Uncertainty on road rules kills 49 people on Belgian roads every year
    Share article:
    Share article:

    Uncertainty on road rules kills 49 people on Belgian roads every year

    Insufficient knowledge of the rules is often not the only problem. Credit: Pxfuel

    In Belgium, 49 people die in accidents as a result of road users not respecting the right of way rules in traffic every year, according to recent figures.

    In 2018, a total of 4,661 accidents happened in which not respecting the right of way played a major role, or about 13 per day, according to figures by the Vias traffic institute. The accidents were responsible for over 6,000 people injured, and 49 killed.

    “The knowledge of the essential rules of who has priority is not optimal, both among motorists and more vulnerable road users, such as pedestrians and cyclists,” said Stef Willems, a spokesperson for Vias, reports VRT. “For example, many road users still think that a driver loses their right of way as soon as they have stopped, but that rule has been scrapped since 2007. And the priority rules for vulnerable road users at pedestrian crossings or cyclists’ crossings are not sufficiently known either,” he added.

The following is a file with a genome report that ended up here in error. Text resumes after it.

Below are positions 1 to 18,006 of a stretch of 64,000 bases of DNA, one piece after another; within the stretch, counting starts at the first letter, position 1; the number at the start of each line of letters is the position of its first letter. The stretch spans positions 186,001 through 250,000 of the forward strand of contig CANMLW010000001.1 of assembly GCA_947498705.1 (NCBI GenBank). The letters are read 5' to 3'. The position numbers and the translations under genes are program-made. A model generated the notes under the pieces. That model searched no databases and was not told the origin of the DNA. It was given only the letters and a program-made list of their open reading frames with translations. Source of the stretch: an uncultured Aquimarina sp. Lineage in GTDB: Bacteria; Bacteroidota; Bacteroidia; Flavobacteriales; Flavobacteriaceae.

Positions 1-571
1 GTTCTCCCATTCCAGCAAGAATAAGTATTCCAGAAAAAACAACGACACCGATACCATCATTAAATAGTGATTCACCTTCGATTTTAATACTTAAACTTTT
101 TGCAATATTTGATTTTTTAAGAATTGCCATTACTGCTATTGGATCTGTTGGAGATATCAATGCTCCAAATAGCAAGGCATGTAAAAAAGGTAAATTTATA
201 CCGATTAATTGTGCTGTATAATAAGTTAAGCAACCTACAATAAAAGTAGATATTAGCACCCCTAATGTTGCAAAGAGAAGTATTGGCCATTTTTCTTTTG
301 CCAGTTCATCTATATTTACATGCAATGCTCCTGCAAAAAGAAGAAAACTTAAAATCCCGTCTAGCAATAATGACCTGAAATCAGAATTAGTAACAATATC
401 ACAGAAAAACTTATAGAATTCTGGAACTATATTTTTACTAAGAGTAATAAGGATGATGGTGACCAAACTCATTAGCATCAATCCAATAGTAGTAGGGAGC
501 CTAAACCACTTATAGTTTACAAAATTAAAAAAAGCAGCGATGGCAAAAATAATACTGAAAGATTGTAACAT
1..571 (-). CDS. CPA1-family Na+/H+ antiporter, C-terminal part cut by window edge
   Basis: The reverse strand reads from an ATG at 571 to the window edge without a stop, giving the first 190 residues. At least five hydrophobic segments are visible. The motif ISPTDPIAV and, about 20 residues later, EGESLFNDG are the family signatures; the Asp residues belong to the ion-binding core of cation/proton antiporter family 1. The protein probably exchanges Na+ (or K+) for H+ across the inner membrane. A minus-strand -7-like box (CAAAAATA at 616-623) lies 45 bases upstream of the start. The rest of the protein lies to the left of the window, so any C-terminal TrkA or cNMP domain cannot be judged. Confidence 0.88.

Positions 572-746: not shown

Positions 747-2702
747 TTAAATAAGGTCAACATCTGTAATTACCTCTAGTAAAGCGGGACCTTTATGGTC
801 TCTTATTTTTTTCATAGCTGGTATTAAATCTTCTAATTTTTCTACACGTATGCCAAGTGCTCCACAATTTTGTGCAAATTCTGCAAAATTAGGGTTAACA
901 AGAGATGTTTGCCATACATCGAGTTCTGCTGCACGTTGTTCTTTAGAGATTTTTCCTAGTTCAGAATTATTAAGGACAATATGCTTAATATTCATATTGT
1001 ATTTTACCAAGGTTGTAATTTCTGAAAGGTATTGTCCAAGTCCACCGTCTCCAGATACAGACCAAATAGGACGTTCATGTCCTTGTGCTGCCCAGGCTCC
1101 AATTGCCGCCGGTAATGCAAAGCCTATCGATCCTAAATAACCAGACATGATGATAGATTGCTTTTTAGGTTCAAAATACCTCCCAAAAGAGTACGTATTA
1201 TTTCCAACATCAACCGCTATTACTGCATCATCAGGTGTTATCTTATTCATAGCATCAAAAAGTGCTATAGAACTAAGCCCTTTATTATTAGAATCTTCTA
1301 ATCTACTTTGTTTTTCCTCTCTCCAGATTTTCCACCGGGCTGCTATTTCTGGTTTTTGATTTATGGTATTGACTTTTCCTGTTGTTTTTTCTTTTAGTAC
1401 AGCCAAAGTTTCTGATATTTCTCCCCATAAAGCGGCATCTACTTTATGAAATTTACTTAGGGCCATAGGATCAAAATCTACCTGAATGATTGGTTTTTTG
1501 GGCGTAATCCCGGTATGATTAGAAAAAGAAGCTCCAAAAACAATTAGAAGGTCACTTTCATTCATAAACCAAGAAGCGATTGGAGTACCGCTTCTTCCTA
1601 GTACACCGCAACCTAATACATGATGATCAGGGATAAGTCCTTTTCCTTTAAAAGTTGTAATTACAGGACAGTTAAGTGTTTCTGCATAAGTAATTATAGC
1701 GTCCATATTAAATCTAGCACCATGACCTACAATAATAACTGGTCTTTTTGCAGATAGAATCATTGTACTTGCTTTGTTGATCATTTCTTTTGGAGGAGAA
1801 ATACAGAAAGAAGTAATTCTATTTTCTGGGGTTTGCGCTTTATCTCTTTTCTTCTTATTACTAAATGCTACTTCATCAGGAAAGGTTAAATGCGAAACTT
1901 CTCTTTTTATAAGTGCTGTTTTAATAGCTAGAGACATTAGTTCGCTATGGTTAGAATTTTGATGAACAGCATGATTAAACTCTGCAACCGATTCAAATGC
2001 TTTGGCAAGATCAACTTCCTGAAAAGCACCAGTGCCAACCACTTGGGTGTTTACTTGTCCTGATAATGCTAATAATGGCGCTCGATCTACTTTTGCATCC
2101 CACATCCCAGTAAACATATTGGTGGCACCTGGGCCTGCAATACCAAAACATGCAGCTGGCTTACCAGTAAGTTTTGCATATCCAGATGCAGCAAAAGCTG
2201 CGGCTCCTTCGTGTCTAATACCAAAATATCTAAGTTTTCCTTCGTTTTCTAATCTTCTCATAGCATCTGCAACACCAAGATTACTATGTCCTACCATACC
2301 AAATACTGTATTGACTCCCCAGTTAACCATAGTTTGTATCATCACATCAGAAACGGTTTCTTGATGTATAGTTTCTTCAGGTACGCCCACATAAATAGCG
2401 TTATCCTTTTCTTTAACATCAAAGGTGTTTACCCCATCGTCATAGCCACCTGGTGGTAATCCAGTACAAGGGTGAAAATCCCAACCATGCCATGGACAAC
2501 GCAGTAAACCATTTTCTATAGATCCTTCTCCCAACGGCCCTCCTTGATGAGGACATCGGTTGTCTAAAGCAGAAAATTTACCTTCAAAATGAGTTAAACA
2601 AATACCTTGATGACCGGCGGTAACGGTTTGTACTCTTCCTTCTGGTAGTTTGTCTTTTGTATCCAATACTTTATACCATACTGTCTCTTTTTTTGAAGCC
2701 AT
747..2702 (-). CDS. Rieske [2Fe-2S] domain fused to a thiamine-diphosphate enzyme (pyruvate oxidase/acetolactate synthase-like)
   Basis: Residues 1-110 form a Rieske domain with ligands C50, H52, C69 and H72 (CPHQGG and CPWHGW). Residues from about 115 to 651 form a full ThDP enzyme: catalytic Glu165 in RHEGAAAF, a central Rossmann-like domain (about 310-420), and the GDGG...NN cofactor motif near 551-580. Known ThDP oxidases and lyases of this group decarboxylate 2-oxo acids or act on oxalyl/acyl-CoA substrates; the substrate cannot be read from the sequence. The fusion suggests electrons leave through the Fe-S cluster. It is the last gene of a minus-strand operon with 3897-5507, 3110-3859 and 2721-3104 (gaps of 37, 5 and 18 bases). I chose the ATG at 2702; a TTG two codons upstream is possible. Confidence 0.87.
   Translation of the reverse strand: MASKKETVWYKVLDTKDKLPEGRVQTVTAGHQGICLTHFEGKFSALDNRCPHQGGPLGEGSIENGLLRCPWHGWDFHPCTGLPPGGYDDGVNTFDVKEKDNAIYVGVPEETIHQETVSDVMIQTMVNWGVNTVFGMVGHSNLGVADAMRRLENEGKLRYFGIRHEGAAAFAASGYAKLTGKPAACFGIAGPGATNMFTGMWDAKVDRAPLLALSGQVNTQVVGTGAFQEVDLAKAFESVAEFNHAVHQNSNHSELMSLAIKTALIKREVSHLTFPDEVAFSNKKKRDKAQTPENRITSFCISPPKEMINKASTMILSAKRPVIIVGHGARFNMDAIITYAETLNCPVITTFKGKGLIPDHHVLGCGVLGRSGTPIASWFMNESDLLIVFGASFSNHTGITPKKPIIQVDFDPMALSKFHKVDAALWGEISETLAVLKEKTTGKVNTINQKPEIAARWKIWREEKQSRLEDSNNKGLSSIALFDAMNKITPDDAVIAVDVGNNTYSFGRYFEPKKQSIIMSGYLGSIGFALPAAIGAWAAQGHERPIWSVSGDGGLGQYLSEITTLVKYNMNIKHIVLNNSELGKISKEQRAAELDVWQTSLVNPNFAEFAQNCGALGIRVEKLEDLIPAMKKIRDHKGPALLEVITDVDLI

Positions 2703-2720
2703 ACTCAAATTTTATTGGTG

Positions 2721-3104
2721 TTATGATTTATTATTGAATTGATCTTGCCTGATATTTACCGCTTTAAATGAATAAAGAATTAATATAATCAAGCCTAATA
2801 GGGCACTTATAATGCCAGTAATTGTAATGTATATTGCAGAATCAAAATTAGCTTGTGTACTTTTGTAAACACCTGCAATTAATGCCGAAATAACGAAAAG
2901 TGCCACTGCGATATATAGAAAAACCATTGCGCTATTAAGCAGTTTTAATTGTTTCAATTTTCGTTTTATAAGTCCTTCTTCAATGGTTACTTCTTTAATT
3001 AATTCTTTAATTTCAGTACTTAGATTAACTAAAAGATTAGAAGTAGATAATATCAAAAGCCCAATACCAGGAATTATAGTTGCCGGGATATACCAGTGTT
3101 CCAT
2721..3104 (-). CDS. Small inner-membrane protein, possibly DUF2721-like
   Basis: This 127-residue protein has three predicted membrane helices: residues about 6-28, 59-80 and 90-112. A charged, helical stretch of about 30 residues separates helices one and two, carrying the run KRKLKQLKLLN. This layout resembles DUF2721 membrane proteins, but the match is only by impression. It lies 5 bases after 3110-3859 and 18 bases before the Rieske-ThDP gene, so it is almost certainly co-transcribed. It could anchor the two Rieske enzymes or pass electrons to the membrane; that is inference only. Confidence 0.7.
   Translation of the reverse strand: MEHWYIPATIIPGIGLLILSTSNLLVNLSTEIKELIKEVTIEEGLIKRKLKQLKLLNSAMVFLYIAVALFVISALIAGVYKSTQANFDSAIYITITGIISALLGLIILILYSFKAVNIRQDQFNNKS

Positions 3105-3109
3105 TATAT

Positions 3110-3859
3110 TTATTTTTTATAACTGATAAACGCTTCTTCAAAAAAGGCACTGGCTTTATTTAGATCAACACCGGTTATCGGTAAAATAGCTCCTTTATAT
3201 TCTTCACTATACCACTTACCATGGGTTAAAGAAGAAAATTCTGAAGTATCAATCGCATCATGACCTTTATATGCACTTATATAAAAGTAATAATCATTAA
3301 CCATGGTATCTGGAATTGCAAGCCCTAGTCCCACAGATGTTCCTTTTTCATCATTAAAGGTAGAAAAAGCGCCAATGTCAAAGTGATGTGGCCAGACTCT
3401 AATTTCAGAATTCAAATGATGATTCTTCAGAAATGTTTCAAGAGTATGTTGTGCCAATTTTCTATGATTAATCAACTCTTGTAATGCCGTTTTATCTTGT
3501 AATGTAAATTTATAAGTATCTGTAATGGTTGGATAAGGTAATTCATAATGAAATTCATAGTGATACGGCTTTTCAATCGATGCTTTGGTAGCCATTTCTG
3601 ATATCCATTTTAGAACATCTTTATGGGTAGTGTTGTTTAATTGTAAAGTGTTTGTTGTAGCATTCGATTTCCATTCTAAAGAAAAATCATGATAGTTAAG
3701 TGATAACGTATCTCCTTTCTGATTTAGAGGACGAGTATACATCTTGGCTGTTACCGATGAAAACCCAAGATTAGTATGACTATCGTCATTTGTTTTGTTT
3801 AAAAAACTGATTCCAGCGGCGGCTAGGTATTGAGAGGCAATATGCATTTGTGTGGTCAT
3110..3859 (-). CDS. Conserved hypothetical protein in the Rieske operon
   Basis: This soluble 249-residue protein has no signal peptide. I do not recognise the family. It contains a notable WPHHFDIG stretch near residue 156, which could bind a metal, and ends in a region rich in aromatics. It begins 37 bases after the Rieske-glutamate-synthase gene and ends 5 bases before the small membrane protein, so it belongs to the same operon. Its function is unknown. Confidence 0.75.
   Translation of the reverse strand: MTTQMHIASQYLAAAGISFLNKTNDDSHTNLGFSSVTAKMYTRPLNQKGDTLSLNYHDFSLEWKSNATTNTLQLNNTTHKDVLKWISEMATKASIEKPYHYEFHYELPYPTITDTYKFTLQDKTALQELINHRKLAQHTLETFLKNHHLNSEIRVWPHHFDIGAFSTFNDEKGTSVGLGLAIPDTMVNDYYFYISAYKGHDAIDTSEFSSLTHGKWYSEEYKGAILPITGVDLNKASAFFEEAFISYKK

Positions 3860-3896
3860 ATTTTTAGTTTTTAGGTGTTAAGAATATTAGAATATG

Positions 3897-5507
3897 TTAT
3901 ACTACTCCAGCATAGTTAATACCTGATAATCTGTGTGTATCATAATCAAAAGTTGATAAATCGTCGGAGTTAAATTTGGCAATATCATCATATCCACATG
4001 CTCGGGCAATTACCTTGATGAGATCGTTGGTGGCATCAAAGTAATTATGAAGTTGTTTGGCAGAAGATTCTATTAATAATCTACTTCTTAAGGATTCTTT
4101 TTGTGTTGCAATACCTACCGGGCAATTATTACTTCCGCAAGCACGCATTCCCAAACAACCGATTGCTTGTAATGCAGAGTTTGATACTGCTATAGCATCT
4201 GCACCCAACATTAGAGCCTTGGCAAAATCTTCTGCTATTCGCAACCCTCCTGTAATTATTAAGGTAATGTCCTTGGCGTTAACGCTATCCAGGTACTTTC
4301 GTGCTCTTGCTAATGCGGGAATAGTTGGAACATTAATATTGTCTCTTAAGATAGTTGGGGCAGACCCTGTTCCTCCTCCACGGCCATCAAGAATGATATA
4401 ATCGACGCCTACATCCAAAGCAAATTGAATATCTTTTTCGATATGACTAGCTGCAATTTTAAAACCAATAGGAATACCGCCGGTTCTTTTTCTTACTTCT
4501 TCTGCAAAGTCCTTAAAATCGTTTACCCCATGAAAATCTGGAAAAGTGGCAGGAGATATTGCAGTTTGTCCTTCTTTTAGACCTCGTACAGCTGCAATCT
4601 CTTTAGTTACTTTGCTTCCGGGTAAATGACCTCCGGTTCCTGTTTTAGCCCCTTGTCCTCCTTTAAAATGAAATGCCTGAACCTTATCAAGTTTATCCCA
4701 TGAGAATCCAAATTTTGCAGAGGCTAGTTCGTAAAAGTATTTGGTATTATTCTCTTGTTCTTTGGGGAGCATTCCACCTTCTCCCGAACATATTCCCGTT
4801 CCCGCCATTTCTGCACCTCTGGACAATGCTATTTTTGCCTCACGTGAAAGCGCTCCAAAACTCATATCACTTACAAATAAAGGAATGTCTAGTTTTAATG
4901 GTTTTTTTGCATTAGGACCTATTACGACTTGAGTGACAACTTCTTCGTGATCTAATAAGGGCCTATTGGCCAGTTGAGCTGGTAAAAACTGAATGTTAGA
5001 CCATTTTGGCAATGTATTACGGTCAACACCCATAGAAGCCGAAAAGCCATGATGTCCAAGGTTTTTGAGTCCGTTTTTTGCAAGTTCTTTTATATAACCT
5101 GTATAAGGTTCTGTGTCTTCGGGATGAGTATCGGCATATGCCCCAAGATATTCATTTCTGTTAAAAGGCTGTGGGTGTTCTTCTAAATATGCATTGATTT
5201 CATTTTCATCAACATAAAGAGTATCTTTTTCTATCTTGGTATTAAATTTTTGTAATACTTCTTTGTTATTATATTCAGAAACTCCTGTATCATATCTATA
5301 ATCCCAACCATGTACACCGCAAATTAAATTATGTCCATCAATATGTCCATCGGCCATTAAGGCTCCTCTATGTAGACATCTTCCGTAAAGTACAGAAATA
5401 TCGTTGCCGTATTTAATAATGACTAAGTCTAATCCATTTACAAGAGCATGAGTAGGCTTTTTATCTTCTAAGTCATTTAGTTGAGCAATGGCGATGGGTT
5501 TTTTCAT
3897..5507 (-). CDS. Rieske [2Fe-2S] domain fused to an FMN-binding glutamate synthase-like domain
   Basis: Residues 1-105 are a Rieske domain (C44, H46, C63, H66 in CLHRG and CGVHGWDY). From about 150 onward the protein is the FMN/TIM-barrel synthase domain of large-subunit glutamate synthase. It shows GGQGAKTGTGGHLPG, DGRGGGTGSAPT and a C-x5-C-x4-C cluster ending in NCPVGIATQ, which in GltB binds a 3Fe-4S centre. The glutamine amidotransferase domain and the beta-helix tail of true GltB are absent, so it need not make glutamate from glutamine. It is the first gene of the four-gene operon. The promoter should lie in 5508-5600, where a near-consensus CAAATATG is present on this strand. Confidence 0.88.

Most accidents in which right of way played a part happen between a car and a cyclist, but the figures do not show who was at fault.

    However, the number of accidents concerning priority dropped from 7,883 in 2009, to 4,661 in 2018. “Still too many,” said Willems. “Those accidents caused over 6,000 injuries. That’s huge. And the number of deaths has remained virtually the same since 2013, about 49 per year,” he added.

    Often, there are other factors at play, such as speeding, alcohol, or being on the phone.

    “Speed, in particular, plays a major role: moderating your speed when you get close to an intersection will give drivers a much better interaction with the other road users,” said Willy Miermans, professor emeritus in Traffic Science, reports Het Nieuwsblad. “This applies to both parties: cars that drive fast often forget to give way, but cyclists who are pedalling firmly often do not realise they have no right of way on a crossing, or they do not want to realise it,” he added.

    Maïthé Chini
    The Brussels Times